Adobe LightRoom – Retro colors

We’ll make a color picture look a faint old one form a couple of decades ago in Adobe Lightroom.

Recent holiday

You are already bored with the fresh new look of your summer photos? You long for a picture that has the atmosphere of a photo taken with a compact camera some thirty years ago, and whose colors have been faded through the years? Let’s see.


For a start, it’s a good idea to have a closer look at the first right slider in the Develop part of LightRoom. It’s advisable to drag the Blacks slider to the left completely as it softens the color black. It can also make the picture look bleached if you decrease the value of Contrast. We set both to zero, but of course it depends on the photo itself what values should be set.

Finally, we turned the colors quite plain by decreasing Vibrance, which influences the most saturated colors.


You can imitate the old colored photo effect by adding an extra color layer that acts like a veil here. It’s not necessary to apply it on the whole picture, just on the darker shades. Drag the slider to Split Toning and raise the Saturation value of the Shadows section. Now you can choose on the Hue slider above the re-coloration you would like. Old color films abound mostly in cyanide green and purple shades. We chose purple.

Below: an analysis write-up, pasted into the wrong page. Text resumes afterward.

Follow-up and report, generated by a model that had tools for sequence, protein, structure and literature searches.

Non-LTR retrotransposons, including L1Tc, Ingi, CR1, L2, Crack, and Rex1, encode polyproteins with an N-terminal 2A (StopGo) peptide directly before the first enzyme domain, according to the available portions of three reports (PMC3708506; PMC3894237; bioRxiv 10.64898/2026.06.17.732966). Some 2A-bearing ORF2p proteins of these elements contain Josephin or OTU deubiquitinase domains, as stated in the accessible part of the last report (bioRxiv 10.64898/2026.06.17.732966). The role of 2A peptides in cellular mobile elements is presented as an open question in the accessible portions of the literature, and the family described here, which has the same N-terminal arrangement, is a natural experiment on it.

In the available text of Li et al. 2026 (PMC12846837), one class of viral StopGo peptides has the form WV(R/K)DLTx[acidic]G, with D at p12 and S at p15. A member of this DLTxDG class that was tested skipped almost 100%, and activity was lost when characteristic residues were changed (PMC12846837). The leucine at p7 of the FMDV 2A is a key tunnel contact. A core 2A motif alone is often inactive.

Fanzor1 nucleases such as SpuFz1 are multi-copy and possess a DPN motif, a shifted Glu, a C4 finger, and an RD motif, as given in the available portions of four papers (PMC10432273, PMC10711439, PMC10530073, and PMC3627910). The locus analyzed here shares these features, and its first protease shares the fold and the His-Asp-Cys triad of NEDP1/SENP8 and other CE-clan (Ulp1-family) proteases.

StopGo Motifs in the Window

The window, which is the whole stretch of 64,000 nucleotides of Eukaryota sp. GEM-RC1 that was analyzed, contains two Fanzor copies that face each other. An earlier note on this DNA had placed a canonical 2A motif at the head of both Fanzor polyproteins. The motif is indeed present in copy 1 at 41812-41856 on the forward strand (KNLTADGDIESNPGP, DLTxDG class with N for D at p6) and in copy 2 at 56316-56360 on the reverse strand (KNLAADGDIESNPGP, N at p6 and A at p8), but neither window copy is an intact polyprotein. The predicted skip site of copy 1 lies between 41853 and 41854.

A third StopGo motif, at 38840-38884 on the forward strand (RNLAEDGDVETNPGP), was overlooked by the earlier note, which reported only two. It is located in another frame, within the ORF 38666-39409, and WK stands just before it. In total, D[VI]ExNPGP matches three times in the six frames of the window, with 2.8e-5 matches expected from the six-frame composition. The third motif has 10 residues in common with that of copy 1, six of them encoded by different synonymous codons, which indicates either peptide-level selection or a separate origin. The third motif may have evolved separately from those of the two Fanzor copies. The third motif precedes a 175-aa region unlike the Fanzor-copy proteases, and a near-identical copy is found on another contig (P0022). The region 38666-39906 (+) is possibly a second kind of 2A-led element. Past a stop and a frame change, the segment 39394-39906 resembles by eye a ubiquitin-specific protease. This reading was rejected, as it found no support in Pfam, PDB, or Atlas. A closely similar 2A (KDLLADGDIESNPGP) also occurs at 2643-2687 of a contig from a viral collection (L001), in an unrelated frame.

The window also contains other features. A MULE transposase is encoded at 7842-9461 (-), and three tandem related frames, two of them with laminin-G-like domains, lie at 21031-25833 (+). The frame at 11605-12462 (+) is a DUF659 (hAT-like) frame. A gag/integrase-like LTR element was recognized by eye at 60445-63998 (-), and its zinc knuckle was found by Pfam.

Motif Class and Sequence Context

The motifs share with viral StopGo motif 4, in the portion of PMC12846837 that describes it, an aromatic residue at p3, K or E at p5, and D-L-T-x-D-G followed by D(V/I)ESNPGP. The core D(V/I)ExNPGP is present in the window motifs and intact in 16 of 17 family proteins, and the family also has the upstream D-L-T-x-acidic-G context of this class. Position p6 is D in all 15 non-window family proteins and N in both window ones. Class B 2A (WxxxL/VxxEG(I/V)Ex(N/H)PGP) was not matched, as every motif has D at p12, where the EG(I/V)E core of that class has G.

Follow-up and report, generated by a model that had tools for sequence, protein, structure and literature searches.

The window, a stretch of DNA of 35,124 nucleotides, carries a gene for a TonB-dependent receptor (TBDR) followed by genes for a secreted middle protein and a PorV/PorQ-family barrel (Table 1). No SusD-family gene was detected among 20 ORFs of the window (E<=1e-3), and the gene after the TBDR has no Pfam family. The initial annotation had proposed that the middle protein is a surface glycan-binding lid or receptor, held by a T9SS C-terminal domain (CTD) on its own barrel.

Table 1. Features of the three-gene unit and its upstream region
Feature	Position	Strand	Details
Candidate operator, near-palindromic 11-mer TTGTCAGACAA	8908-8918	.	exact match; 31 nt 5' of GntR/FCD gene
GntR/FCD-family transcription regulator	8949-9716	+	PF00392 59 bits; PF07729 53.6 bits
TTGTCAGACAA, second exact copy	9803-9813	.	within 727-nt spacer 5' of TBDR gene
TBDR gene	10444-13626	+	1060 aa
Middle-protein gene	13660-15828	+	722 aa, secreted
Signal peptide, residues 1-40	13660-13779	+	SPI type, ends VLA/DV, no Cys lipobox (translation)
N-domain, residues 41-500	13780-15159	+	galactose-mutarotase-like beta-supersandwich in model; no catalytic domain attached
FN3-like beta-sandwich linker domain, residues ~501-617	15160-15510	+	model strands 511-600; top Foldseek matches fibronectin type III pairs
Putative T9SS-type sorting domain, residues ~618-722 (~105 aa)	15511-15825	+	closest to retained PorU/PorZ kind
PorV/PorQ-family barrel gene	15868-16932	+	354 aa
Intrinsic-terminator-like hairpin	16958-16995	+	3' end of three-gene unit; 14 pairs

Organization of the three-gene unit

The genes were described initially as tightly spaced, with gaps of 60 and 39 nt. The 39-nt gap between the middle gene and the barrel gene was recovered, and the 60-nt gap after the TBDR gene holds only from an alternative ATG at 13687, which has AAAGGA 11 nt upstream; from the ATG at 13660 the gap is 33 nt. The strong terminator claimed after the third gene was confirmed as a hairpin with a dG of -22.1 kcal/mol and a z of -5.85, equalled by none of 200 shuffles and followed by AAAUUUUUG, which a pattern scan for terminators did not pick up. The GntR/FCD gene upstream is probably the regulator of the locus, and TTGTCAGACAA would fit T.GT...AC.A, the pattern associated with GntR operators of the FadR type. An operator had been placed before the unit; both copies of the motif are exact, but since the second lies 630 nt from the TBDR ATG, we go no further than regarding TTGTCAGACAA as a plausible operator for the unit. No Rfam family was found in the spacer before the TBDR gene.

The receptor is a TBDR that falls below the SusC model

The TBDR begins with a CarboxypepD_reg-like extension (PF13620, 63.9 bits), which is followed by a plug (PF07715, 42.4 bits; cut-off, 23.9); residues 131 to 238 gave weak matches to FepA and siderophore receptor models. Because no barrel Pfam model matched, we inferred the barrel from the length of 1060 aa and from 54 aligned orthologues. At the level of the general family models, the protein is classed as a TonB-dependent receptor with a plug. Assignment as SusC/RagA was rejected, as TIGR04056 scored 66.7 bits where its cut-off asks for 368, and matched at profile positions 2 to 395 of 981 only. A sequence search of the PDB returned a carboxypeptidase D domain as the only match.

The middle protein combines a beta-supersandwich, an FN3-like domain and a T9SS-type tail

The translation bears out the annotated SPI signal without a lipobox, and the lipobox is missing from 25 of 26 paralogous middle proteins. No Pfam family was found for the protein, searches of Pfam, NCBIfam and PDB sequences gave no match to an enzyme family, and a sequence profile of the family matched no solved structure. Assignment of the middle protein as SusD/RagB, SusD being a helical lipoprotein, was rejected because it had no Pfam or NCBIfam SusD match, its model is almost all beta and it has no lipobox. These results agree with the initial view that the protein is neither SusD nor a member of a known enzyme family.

Bring in the green

The picture is too monotonous this way, it would help to bring in the dull green. You can find Camera Calibration at the bottom of the slider. Here, if you shift the Tint slider on the Shadows interface to the left, you’ll get the greenish discoloration you need.

After all this the colors truly remind us of a faded photo with better days behind.

Darkness in the corners

If you want to further increase the “cheap camera” effect, you should perhaps add some vignetting to the picture. Set the Amount slider in the Vignettes section to an optional minus value and the corners become darker.

Last year or thirty years ago?

It is now difficult to say if the picture was taken a couple of months or years and years ago. When printed, the effect is even more convincing.